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Robert Pollin: It’s not war that creates technological development, it’s the state investment

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PAUL JAY, SENIOR EDITOR, TRNN: Welcome back to The Real News Network. I’m Paul Jay, in Washington, DC, and joining us again is Bob Pollin, from the PERI Institute. Thanks for joining us.


JAY: The argument goes like this when it comes to the military, militarization, and the economy: that the military’s played an important role in spill-off effect to the non-military sector of the economy. So the famous one’s the Internet. But there’s any number of pieces of technology that had been developed for the military that didn’t have commercial, public, you could say, application, and it’s a driving force that’s giving some of the dynamism to the US economy. So is that true or not?

POLLIN: It’s absolutely true that the industrial policy that’s taken place within the military, for a century, really, has developed all the major technical innovations that we’ve experienced in the economy. And you can point to jet aviation—well, aviation in general. You can point to the computer and the one you mentioned, the Internet. Imagine our economy without jet aviation, without the computer, and without the Internet. All of these were developed within the framework of the military sector. And the way the military was able to do it was to nurture these, supporting research and development, yes, decisively, but also supporting a guaranteed market, what we would call government procurement, creating a large-scale market that allowed these innovations to nurture over time without having to face, you know, the cruel test of the market within a year or two. And, in fact, there’s a very important book by Vernon Ruttan of the University of Minnesota, who poses the question: is war necessary for economic growth? And he’s a completely mainstream economist. His answer was “yes”. Now, it’s not that war was necessary for economic growth; his argument was that the industrial policy is necessary for economic growth. And the only way we’re getting industrial policy in this country is through the military. The implication is, if we could pursue a solid industrial policy through means other than the military, other than the Pentagon, we could see comparable kinds of benefits.

JAY: So your point is is if you do this under the—essentially for—somehow, psychologically, in the United States the military’s not considered big government. And I don’t know how Republicans and others get their head around that, but a big government here, and military as if it’s not connected to government over there. You’re saying if you drop this kind of psychological barrier and realize that it is about government expenditure, you can solve this, but you don’t have to do it through war.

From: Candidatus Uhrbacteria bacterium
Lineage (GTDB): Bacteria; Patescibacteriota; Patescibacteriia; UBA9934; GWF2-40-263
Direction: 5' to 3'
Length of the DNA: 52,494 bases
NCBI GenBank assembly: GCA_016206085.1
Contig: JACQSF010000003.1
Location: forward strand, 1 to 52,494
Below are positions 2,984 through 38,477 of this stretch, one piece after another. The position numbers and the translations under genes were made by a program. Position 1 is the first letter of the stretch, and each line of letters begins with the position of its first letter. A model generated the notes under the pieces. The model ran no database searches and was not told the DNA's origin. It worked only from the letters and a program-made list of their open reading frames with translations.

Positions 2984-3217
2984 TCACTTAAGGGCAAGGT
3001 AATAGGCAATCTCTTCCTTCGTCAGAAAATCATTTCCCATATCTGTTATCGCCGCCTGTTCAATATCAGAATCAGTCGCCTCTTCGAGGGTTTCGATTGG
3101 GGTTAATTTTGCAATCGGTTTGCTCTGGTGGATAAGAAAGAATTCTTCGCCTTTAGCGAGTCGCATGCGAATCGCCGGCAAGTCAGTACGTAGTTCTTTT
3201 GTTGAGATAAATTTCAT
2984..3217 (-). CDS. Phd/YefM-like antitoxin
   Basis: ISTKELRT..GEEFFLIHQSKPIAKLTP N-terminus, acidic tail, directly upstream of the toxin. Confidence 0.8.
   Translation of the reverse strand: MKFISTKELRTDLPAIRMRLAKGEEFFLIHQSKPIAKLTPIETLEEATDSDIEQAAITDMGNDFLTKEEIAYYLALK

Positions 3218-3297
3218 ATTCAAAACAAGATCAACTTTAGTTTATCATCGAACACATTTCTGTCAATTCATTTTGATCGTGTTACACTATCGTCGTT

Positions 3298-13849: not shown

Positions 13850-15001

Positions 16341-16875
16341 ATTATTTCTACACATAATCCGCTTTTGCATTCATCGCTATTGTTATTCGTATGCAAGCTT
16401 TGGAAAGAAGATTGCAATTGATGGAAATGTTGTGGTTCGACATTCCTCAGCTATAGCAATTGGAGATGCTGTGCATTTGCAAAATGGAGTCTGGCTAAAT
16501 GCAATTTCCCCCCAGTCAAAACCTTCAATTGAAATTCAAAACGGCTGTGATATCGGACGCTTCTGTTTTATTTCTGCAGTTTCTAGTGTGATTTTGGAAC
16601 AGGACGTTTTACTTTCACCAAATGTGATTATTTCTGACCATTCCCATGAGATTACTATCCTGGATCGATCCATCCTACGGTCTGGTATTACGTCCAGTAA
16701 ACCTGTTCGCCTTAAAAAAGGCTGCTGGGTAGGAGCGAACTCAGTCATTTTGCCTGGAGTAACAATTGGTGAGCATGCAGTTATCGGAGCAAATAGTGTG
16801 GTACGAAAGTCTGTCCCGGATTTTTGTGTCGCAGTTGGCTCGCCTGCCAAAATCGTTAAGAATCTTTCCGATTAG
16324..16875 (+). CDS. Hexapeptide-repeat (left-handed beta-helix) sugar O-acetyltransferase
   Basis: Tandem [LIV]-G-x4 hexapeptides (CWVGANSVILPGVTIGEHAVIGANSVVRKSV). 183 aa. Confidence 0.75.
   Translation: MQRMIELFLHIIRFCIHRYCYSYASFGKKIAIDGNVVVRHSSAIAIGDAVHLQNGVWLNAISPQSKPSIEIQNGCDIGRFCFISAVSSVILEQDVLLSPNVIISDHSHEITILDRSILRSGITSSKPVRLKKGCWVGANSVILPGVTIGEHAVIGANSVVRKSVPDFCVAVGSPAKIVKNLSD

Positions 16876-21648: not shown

POLLIN: Right. I mean you never had to do it through war. I mean, most of the activity around creating the computer was not, per se, for war. And, of course, now we can use the computer for anything. And so the point is now we face these gigantic hurdles in terms of maintaining a manufacturing capacity in Detroit, building a clean-energy economy, renewable-energy sector. And these new technologies that need to come on stream also require the same kind of nurturing that the computer, that jet aviation and the Internet received through the military. So what we need to do is create a similar kind of industrial policy that does the same thing. And there are two key features, and this book by Professor Ruttan emphasizes both: yes, support research and development, but equally important is the notion of a guaranteed market, procurement, because without that, the research and development, they won’t know where to sell it for a long time.

JAY: So your argument would go, then, if someone would say, “Where’s the money come from?” you’ll say, well, all this money that’s being spent now in the Pentagon, in supposedly more or less under that rubric to create jobs, get it out of the military sector and put it into infrastructure.

POLLIN: Absolutely. I mean, if we think about what are the real long-term challenges we face, obviously creating a clean-energy economy, fighting climate change is the crucial long-term issue for the survival of the planet. What about, you know, other issues? Job creation? What about creating decent school systems and a health-care system? These things also need to be nurtured through the same kinds of industrial policy, and they create more jobs in the process. So the military model is useful for understanding how you build industrial policy and not just rely on the rhetoric of a free market, ’cause we never had a free market in creating these major technologies that are the cornerstone of our economy. The aviation industry, computer industry, Internet—none of them were built on the basis of a free market.

JAY: Thanks for joining us.


JAY: And thank you for joining us on The Real News Network.

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Robert Pollin is Professor of Economics at the University of Massachusetts in Amherst. He is the founding co-Director of the Political Economy Research Institute (PERI). His research centers on macroeconomics, conditions for low-wage workers in the US and globally, the analysis of financial markets, and the economics of building a clean-energy economy in the US. His latest book is Back to Full Employment. Other books include: A Measure of Fairness: the Economics of Living Wages and Minimum Wages in the United States, and Contours of Descent: US Economic Fractures and the Landscape of Global Austerity.